Importance of Re-introducing Alewives and Herring

The Connecticut Department of Energy and Environmental Protection (DEP) is working with the City of Stamford and local residents to restore the Rippowam River and rebuild the fish runs.  Analysis by DEP staff indicates that historically runs of anadromous fishes in the Rippowam River were abundant.  At one time alewife and the closely related blueback herring numbered in the tens of thousands each year.

The experience on the Rippowam River is typical for what happened all over Connecticut, dams were built to power mills which resulted in blockage of the pathway for migratory fishes.  The important spawning habitat for alewives and blueback herring is upstream from Stamford.  If fish cannot reach that habitat due to dams they cannot spawn and the species will disappear from the river.  Alewives and blueback herring never totally disappeared because of a small habitat located below the dam. They continued to appear each spring but were unable to swim up to the Rippowam River and their numbers declined.

Removal of deteriorated dams will help in restoring fish runs and improving the entire ecosystem.  Schools of alewives feed striped bass and bluefish, tuna and porpoises, seals in the ocean and otters in the river.  Birds such as great blue herons that wade in the water and birds such as ospreys and eagles that dive from the sky also benefit from increased populations of alewives and blueback herring.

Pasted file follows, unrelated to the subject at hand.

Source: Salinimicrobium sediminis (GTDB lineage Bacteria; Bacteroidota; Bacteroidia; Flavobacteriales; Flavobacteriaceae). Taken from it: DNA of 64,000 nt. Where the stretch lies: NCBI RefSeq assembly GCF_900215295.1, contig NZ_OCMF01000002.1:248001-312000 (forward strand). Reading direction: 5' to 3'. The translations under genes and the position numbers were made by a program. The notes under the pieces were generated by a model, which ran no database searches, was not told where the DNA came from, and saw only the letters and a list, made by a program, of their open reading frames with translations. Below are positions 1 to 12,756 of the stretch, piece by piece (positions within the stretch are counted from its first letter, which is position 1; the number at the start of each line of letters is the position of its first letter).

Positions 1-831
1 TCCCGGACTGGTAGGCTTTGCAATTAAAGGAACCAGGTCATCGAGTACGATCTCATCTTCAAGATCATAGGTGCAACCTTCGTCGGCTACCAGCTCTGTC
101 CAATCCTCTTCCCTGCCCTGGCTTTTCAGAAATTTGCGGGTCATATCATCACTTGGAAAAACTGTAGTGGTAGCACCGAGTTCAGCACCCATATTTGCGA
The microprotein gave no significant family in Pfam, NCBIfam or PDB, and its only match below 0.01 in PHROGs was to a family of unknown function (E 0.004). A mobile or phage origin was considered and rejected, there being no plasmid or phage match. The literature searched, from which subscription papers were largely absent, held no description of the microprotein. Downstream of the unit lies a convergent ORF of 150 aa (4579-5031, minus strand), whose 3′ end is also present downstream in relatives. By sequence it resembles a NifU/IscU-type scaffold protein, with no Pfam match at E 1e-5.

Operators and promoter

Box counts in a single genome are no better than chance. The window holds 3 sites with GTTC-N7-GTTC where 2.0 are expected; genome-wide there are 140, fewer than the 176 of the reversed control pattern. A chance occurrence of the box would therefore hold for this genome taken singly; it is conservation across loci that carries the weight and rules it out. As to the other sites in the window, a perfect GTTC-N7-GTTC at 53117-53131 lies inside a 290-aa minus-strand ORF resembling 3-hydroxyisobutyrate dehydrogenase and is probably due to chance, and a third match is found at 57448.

The DEP will continue to work with the City and local residents to restore the Rippowam River and rebuild the fish runs.  Four hundred alewives that have not spawned yet were brought from Bride Brook in East Lyme and released into the river today to assist with the restoration. In addition to releasing fish into the river today, the DEP will also be looking at other fish populations in the river, surveying the stream for other barriers, and working with all interested parties to develop a plan to help increase fish migration.

Cloonan Middle School Students

Middle school students have been working on an on-going monitoring project of the river which is a few hundred feet from their school.  The students, who live in a highly urbanized area, are sampling the water for pH, turbidity, nitrogen, and dissolved oxygen, and learn about how they and others impact rivers and streams.  Through their efforts, they are also learning important lessons about mathematics, chemistry, biology and physical sciences.

The students are assisted by the city’s Mill River Collaborative, the city’s Land Use Bureau, the Stamford Water Pollution Control Authority, New England Interstate Water Pollution Control Commission, and the Long Island Sound Study, a partnership program of the EPA’s Long Island Sound Office.

In 2009, the City of Stamford, with support from the US Army Corps of Engineers, removed a dam and began restoring the natural riverbed.  The student data, which is collected monthly, is among the first data collected to measure the impact of the restoration project.